PDD Support


PDD announced that there would be $42 million in cuts to funding of Community Access support in 2013. This is almost half the money it gives agencies and families to support this type of help. Community Access money helps people to volunteer, to attend classes, meetings, clubs, shopping, doing things with friends and other activities during the day in their communities. In some cases, this funding helps people to take part in self-advocacy activities, like being on community committees about poverty, transportation, housing and other disability issues. Many people fear that without Community Access support, they will be stuck at home watching TV all day. In some parts of Alberta, cuts may include other areas, like home living supports. The first plan was to have all these changes start on July 1.

We think this is a big mistake for a few reasons. First, the changes are based on how much help the Support Intensity Scale (also called SIS) says individuals need. Not everyone who gets PDD support has done the SIS and some who have done it got told they need less support than everyone who knows them says they need. These problems need to be fixed before PDD makes changes.

Second, we do not understand the SIS, how it works and what it means because no one has explained it to us in simple words. Also, No one has said how PDD uses SIS scores to decide what Level of Support Needs someone is. The Level of Support Need is used to say how much money a person can have to pay for support.

Third, self-advocates want to be part of the group that makes decisions about how the PDD system will work and how it will make decisions that affect our lives. Instead, they made decisions and asked us what we think when they already cut the budget. We have good ideas and want to work together to make good decisions. Nothing about us without us.

AACT Council members have been part of rallies all over Alberta.
Lloyd Thornhill (Calgary), Rose Anne Krikke (Edmonton), Marjorie Thompson (Edmonton) and Ken Ambler (Edmonton) with MLA (left) at the May 15 rally at the Alberta Legislature.
Brad Robertson (Calgary) shares a message of support from AACT at the May 15 rally at the Alberta Legislature. Rose Anne Krikke (hidden by the cameraman) also spoke. 
Self-advocacy groups have held rallies all over Alberta to protest the cuts and how they were done. Here are links to some of the stories:


IQ and PDD Support

Right now, PDD uses IQ tests to say who can get help from the PDD program. Some people do not know about it. Other people do not agree with the PDD program using IQ tests.
The PDD Community Governance Act says what the PDD program can and cannot do. Only adults with a developmental disability can get help from the PDD program. The Act says the PDD program must make a rule which tells people what a developmental disability is. The rule is that a person with developmental disabilities has a "significant limitation in intellectual capacity" and a "significant limitation in adaptive skills" that start before age 18.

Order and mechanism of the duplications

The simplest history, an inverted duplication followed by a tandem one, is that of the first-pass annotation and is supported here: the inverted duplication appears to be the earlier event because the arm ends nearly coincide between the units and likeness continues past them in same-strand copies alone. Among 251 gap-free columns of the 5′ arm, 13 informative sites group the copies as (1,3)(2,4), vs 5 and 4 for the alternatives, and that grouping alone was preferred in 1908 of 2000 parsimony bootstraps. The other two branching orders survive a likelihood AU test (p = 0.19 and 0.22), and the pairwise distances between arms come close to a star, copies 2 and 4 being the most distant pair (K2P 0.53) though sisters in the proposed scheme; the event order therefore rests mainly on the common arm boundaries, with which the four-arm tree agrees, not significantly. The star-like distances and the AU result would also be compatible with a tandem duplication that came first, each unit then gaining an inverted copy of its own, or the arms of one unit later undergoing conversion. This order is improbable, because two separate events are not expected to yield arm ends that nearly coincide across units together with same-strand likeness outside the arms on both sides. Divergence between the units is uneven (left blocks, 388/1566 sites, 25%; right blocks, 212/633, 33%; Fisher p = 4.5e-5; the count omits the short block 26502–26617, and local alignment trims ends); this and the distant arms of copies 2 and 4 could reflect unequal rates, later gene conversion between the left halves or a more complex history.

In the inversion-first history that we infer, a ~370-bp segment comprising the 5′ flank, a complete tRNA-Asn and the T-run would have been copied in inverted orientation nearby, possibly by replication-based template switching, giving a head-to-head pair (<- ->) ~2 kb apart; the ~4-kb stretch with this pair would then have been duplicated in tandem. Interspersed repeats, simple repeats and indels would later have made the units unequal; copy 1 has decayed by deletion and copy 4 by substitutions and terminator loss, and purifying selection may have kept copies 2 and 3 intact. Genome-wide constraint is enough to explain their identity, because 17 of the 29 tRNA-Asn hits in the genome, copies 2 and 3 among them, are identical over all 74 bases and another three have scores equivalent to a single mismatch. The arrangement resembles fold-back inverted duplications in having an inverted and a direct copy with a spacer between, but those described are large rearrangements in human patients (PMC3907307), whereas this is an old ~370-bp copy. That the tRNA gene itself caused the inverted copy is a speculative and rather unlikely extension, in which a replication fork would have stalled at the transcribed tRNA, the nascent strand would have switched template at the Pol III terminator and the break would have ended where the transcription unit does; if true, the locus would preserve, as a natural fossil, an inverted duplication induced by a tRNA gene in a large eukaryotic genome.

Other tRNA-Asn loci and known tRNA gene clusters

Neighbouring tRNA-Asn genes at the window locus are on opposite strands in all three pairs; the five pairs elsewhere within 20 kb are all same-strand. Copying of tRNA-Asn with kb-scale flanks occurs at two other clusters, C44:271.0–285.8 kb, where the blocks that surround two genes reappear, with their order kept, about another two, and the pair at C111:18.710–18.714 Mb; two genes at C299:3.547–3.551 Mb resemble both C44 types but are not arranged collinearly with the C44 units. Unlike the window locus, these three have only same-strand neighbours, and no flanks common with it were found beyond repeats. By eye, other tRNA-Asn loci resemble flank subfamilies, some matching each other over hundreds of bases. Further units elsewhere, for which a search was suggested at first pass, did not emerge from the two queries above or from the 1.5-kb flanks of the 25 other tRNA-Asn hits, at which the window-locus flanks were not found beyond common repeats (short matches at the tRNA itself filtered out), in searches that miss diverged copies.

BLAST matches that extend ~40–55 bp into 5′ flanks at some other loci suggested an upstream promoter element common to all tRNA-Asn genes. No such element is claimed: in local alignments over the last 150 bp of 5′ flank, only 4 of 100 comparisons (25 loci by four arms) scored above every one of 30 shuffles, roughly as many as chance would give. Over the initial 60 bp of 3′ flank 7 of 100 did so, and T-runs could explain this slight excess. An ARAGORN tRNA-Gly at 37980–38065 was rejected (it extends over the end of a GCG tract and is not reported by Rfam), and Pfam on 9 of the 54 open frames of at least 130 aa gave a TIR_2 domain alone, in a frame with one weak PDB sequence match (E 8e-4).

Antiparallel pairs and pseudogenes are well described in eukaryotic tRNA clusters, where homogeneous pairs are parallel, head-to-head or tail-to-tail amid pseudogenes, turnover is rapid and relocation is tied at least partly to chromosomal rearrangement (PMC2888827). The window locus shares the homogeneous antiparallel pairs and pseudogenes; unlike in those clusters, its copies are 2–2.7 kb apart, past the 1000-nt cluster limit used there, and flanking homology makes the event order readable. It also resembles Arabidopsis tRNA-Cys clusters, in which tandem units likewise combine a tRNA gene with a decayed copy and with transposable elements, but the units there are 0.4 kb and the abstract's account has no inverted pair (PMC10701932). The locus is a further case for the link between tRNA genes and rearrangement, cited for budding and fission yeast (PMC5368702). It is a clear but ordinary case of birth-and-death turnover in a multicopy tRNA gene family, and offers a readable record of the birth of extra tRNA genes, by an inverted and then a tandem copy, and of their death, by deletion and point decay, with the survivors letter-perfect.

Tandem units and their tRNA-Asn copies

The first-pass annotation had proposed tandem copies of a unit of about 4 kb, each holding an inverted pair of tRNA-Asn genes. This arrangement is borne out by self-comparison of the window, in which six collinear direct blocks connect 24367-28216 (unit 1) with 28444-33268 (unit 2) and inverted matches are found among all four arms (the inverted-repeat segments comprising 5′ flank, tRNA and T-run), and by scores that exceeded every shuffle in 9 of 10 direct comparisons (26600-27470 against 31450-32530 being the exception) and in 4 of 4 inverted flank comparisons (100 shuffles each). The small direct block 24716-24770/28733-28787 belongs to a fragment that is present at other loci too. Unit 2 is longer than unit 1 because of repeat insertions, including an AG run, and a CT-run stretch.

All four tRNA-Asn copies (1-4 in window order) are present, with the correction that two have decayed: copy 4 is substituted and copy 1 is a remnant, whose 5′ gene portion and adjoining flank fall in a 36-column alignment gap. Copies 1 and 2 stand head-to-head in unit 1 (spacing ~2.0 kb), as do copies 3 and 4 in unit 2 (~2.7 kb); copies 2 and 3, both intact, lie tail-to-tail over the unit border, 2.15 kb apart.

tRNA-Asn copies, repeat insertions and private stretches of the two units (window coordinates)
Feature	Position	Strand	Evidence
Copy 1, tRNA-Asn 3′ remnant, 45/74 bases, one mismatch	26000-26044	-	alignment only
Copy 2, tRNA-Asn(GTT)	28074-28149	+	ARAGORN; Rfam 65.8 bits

• A "significant limitation in intellectual capacity" means you have lots of problems with your thinking skills, like how you understand, learn, read, remember and work out problems.
  • A "significant limitation in adaptive skills" means you have lots of problems doing everyday activities.  
This page is only about the thinking skills.

The PDD program talked to experts, and also read about how experts and other people say what a significant limitation in intellectual capacity is. They found out 
  • Right now, the best way to know about a person’s thinking skills is to use an IQ test. It is not perfect, but it is the best tool right now.
  • Only registered psychologists are trained to give IQ tests.
  • When a registered psychologist gives someone an IQ test, they get a score or number at the end.
  • An IQ score of 70-75 or lower are the numbers that mean a person has lots of problems with thinking skills. If you have an IQ score above 75, you may still have some problems with thinking skills but you do not have lots of problems with thinking skills (or a "significant limitation in intellectual capacity.").
What IQ Scores Mean

Click here to read more about IQ
Many years ago, IQ tests were tried out on a lot of people. Some people got more answers right than others. Most people got IQ scores of around 100. A few people had scores that were a lot higher or a lot lower. The top 2 - 3 % of people are labeled a "genius." The bottom 2 - 3 % of people are labeled as having an "intellectual disability" or "significant limitation in intellectual capacity."

After talking to the experts and reading about what experts say, the PDD made a rule that said 
  • A significant limitation in intellectual capacity is when someone has an IQ score of 70-75 or lower, and
  • People who want to get support from the PDD program had to have an IQ score of 70-75 or lower.
Tell us what you think about this.

1 comment:

  1. I think it works as a principle, but I also see many exceptions, if this is the rule.

    ReplyDelete